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Posts: 15
Joined: Fri May 13, 2016 9:59 pm
Location: Checotah OK-Zone 7A/7B

Big Rainbow...Slow to grow?

Hello Everyone,

My husband and I are from Checotah, Oklahoma. We have always loved to garden, but last year we had so much rain (22 inches or so in two months) that we had to replace our garden 3 times.

So this year we had to do something different. We don't really fit any one forum on this site so I will share here. We have 143 Heirloom tomato plants and 30 some pepper plants in a DWC/BATO bucket hydroponic system.

We planted these one month ago and we already have 75 or so tomatoes started, tons of flowers, and some peppers started too.

We have planted Pink and Red Brandywine, Rutgers, Cherokee Purple, Big Rainbow, Mortgage Lifters, and San Marzano tomatoes along with Green and Purple Bell, Anaheim, and Poblano peppers.

Everything seems to be taking off except my Big Rainbows. Anyone else notice that Big Rainbows are a little slow?

I can't wait to see what they do. Good luck to everyone and happy gardening.

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Senior Member
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Joined: Wed May 13, 2015 11:32 pm
Location: Scotts Valley, CA

I have no advice, but just want to say that that sounds like an amazing project. Putting together hydroponics for that many plants must have been a bit of work!

Greener Thumb
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Joined: Tue Nov 09, 2010 5:34 pm
Location: Brownville, Ne

No real reason for BR to be much slower to grow than the others. The plants will all grow about the same; just the maturation and fruiting times will be different. Big Rainbow is a late season tomato. Maybe that variety is a slow starter for you this year for some unknown reason. They most likely will catch up.

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Super Green Thumb
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Joined: Sun Feb 15, 2009 6:04 pm
Location: TN/GA 7b

Is your hydro system indoors or out? If indoors, what do you do for lighting? If outdoors, how do you protect it from all that rain?

PS sorry, I just saw your other post about outdoor hydro. So how does growing hydroponically protect them from the 22" of rain? You said that was part of why you decided to do the hydroponics.

I'd love to see a few pictures of your set up! :)
Last edited by rainbowgardener on Wed May 18, 2016 8:44 am, edited 1 time in total.

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Joined: Thu May 01, 2008 7:21 pm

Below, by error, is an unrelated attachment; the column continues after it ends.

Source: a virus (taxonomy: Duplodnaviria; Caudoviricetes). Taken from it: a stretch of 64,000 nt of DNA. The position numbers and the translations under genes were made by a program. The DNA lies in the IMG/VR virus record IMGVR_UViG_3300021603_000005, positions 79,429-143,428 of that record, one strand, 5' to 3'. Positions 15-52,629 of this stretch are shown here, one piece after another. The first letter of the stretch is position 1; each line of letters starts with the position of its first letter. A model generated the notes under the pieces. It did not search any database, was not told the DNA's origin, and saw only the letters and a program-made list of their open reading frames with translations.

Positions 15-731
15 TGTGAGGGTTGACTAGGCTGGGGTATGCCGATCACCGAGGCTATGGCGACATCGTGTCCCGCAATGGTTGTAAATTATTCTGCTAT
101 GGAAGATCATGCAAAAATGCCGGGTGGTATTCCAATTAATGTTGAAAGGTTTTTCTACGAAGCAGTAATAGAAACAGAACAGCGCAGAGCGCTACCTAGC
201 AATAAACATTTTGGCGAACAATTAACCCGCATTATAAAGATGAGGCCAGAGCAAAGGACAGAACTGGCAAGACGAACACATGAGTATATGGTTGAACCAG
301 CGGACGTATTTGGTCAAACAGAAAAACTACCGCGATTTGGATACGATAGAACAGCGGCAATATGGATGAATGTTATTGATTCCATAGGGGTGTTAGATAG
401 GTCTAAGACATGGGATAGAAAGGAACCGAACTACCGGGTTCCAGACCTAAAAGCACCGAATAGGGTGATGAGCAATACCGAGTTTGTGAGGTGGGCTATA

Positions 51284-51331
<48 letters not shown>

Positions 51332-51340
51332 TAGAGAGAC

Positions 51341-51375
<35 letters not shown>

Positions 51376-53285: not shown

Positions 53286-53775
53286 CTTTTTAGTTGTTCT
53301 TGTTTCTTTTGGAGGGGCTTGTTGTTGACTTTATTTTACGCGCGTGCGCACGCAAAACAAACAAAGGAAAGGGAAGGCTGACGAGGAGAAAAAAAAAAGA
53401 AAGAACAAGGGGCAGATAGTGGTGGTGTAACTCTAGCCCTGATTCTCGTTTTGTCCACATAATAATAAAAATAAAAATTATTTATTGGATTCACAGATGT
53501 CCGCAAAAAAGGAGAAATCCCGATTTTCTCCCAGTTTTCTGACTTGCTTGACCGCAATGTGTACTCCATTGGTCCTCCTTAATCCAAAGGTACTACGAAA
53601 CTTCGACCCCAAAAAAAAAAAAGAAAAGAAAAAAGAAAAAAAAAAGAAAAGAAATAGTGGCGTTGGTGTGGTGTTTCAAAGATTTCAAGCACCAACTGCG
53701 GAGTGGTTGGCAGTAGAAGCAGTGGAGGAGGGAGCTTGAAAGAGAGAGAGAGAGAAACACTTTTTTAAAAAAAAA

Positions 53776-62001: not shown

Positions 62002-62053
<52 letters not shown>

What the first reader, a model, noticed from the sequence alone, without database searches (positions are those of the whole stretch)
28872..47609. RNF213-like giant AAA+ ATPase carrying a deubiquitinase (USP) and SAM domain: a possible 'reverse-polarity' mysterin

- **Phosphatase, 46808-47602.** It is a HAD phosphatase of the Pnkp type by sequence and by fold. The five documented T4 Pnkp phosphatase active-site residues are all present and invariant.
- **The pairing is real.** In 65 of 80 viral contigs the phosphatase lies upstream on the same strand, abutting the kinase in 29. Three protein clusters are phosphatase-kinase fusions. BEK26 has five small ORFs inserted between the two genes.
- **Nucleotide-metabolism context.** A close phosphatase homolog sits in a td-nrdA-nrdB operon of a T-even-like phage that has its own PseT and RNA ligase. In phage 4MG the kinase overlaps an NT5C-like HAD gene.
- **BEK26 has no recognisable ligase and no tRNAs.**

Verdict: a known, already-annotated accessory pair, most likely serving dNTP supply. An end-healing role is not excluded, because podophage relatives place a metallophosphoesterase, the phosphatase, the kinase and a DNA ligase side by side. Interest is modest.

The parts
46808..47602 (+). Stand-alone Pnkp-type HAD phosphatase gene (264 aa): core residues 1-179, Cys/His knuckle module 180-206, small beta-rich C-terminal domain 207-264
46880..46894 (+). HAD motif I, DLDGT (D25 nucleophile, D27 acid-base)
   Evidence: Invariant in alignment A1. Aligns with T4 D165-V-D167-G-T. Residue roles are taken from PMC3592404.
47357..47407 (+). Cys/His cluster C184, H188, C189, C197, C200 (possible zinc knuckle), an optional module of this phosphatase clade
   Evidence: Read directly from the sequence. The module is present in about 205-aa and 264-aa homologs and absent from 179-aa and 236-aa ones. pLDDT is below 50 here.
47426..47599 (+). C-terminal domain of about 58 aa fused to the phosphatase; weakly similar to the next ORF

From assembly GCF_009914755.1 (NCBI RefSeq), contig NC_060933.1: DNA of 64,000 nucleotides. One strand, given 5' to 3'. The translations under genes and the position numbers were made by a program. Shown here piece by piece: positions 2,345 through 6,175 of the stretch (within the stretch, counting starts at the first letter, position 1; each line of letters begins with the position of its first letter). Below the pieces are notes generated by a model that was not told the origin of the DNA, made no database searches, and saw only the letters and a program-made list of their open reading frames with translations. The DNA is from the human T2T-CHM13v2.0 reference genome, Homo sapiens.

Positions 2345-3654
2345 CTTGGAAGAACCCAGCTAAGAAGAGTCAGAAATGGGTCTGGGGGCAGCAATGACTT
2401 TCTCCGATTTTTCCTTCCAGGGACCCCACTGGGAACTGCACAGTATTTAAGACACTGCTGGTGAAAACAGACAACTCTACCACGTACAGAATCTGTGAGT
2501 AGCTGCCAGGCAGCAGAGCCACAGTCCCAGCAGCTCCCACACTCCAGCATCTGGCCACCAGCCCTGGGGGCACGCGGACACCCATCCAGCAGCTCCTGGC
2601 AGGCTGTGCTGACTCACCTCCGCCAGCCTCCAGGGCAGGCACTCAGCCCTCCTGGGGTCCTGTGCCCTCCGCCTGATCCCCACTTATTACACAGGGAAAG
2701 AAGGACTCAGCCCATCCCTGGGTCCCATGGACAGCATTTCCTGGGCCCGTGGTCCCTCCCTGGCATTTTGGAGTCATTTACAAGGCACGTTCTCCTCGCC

Location: Zone 6, NJ (3/M)4/E ~ 10/M(11/B)

I don't know about Big Rainbow, but Rainbow Dwarf has been taken off my Winter Indoor lineup because it needs more light and warmth (especially night time temps) than the others. I found that I could not treat it the same way as other varieties. There are a few other varieties with similar tendencies.

If you are able to move them around, maybe try to find a microclimate that is sunnier and warmer for the Big Rainbow and see if that makes a difference?

Full Member
Posts: 15
Joined: Fri May 13, 2016 9:59 pm
Location: Checotah OK-Zone 7A/7B

Hello all,

Thank you for your responses. We got our Big Rainbows on shall we say "killing fields clearance" from Atwoods at 50% off since they are going out of planting season here already. They were stretching really bad and light green. It took a lot of pruning to bring them back to life.

Hydroponics and the reason for it. We have had 22 inches of rain last year and as you all know if they are planted in the ground they suffocate due to lack of DO (Dissolved Oxygen). So we have a BATO bucket system filled with peat moss and pearlite and each bucket has a drain that leads to a reservoir. The reservoir waters the buckets, provides nutrients, and we have an air stone for DO. The reason it protects against the 22 inches of rain is the drainage system. When it rains we install a longer PVC pipe to divert the access water away from the reservoir, thus our nutrient solution doesn't get diluted and the peat moss/ pearlite mixture holds some water but drains all access away from the plants.

Here are some pictures of our set up. We already have over 75 tomatoes started and 5 or more tomatoes started.
Big Rainbows to the right.
Big Rainbows to the right.

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